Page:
Parkinson's Disease

Parkinson's disease is a progressive disorder of the nervous system that affects movement. It develops gradually, sometimes starting with a barely noticeable tremor in just one hand. But while tremor may be the most well known sign of Parkinson's disease, the disorder also commonly causes stiffness or slowing of movement.
In early stages of Parkinson's disease, face may show little or no expression, or arms may not swing while walking. Speech may become soft or slurred. Parkinson's disease symptoms worsen as the condition progresses over time. Although Parkinson's disease can't be cured, medications may markedly improve your symptoms.


The cause of Parkinson's disease is unknown, but several factors appear to play a role, including:

  • Genes. Researchers have identified specific genetic mutations that can cause Parkinson's disease, but these are extremely uncommon, except in rare cases with many family members affected by Parkinson's disease. However, certain gene variations (polymorphisms) appear to increase the risk of Parkinson's disease, but with a relatively small risk of for each of these genetic markers.
  • Environmental triggers. Exposure to certain toxins or environmental factors increase the risk of later Parkinson's disease, but the risk is relatively small.
In summary, there is much work to be done to identify the factors causing Parkinson's disease.

Many changes occur in the brains of people with Parkinson's disease, including:
  • The presence of Lewy bodies. Clumps of specific substances within brain cells are microscopic markers of Parkinson's disease. These are called Lewy bodies, and researchers believe these Lewy bodies hold an important clue to the cause of Parkinson's disease.
  • A-synuclein is found within Lewy bodies. Although many substances are found within Lewy bodies, scientists believe the most important of these is the natural and widespread protein called a-synuclein. It's found in all Lewy bodies in a clumped form that cells can't break down. This is currently an important focus among Parkinson's disease researchers.


Parkinson's disease symptoms and signs may vary from person to person. Early signs may be mild and may go unnoticed. Symptoms often begin on one side of your body and usually remain worse on that side, even after symptoms begin to affect both sides. Parkinson's signs and symptoms may include:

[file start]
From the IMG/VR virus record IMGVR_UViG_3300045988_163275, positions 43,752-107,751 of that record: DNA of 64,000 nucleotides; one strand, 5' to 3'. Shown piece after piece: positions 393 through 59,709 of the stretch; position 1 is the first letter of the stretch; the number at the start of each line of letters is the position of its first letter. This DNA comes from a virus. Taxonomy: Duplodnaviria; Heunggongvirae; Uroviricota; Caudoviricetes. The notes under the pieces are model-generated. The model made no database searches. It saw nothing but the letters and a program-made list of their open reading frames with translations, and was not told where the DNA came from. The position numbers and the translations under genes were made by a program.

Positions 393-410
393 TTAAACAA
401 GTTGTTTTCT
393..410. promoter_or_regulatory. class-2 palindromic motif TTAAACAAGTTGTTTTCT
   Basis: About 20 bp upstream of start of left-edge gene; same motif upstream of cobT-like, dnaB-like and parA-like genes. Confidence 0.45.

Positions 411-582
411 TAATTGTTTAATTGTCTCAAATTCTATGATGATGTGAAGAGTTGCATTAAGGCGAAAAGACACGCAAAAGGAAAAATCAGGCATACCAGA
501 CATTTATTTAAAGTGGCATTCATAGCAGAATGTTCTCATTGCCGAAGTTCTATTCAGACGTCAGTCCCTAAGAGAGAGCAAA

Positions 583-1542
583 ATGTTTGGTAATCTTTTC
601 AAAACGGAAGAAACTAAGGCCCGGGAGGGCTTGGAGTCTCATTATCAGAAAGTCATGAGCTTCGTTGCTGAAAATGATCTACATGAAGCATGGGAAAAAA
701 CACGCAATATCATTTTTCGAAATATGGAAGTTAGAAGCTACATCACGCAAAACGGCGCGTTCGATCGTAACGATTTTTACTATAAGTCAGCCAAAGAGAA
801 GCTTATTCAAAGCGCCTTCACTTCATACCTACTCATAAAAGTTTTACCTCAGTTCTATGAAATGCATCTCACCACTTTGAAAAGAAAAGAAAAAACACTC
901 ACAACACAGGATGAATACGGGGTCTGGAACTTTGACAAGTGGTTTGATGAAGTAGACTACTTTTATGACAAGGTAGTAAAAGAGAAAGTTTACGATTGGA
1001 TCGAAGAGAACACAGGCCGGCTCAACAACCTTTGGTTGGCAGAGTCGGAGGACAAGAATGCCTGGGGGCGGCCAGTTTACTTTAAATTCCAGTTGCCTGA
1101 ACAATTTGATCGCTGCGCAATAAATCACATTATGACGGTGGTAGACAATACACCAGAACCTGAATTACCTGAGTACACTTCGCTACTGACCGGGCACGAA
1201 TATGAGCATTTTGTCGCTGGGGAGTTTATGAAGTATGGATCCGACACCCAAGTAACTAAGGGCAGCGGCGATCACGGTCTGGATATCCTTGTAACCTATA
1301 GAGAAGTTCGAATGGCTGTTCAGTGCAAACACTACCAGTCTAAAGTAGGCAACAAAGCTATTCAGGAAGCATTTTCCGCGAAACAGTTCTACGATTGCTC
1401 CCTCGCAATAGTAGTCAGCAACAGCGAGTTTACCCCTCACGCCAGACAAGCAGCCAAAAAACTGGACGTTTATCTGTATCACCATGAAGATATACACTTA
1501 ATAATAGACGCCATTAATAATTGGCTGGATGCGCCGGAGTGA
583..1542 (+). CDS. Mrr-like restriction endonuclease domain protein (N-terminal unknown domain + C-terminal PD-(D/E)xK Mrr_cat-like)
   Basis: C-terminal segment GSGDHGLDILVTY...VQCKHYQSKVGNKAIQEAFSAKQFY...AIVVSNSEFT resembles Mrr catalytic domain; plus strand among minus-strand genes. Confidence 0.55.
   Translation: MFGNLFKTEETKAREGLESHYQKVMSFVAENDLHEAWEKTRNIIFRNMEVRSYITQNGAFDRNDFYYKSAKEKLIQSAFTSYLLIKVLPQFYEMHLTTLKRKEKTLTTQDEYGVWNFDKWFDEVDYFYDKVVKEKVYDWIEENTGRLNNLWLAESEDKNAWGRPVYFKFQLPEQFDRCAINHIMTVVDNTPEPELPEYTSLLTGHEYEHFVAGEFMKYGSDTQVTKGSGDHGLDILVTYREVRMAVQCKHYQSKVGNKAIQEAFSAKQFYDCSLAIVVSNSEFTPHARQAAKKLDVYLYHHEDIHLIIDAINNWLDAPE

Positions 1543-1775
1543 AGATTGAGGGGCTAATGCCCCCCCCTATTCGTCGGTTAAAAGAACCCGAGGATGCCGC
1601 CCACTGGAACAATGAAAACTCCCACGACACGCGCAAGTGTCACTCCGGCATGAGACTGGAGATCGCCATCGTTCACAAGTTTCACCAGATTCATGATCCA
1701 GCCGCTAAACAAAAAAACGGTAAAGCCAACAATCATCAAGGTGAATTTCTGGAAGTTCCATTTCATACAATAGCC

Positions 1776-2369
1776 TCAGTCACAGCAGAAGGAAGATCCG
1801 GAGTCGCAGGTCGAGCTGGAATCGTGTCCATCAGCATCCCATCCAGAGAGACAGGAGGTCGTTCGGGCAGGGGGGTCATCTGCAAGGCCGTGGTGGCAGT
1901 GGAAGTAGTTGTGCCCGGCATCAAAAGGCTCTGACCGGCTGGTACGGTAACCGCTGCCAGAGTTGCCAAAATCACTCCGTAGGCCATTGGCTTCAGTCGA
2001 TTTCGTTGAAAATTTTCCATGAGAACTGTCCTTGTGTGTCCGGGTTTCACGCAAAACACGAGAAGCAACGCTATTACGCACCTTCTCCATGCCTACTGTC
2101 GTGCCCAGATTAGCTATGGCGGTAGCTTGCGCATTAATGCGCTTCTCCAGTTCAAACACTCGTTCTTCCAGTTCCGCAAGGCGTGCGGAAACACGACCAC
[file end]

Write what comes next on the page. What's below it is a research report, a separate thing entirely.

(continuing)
• Tremor: Tremor, or shaking, usually begins in limb, often hand or fingers. One may notice a back-and-forth rubbing of your thumb and forefinger, known as a pill-rolling tremor. One characteristic of Parkinson's disease is tremor of your hand when it is relaxed (at rest).
  • Slowed movement (bradykinesia). Over time, Parkinson's disease may reduce your ability to move and slow your movement. This may make simple tasks difficult and time-consuming. Steps may become shorter while walking, or one may find it difficult to get out of a chair.
  • Rigid muscles. Muscle stiffness may occur in any parts of your body. The stiff muscles can limit range of motion and cause pain.
  • Impaired posture and balance.Posture may have become stooped, or there may be balance problems as a result of Parkinson's disease.
  • Loss of automatic movements. In Parkinson's disease, there may be decreased ability to perform unconscious movements, including blinking, smiling or swinging arms when walking. There may no longer be gestures when talking.
  • Speech changes.One may speak softly, quickly, slur or hesitate before talking. Speech may be more of a monotone, rather than with the usual inflections.
  • Writing changes. Writing may appear small and become difficult.

Risk Factor:

Risk factors for Parkinson's disease include:

  • Age. Young adults rarely experience Parkinson's disease. It ordinarily begins in middle or late life, and the risk continues to increase with age.
  • Heredity. Having a close relative with Parkinson's disease increases the chances that you'll also develop the disease. However, your risks are still small unless you have many relatives in your family with Parkinson's disease.
  • Sex. Men are more likely to develop Parkinson's disease than are women.
  • Exposure to toxins. Ongoing exposure to herbicides and pesticides may put you at a slightly increased risk of Parkinson's disease. Our experience at bodhin is suggestive of encouraging results with homoeopathy. At this point, we recommend homeopathy in the early cases and also those cases where the conventional treatment has either not helped at all or has helped partially.

Our experience at bodhin is suggestive of encouraging results with homoeopathy. At this point, we recommend homeopathy in the early cases and also those cases where the conventional treatment has either not helped at all or has helped partially.


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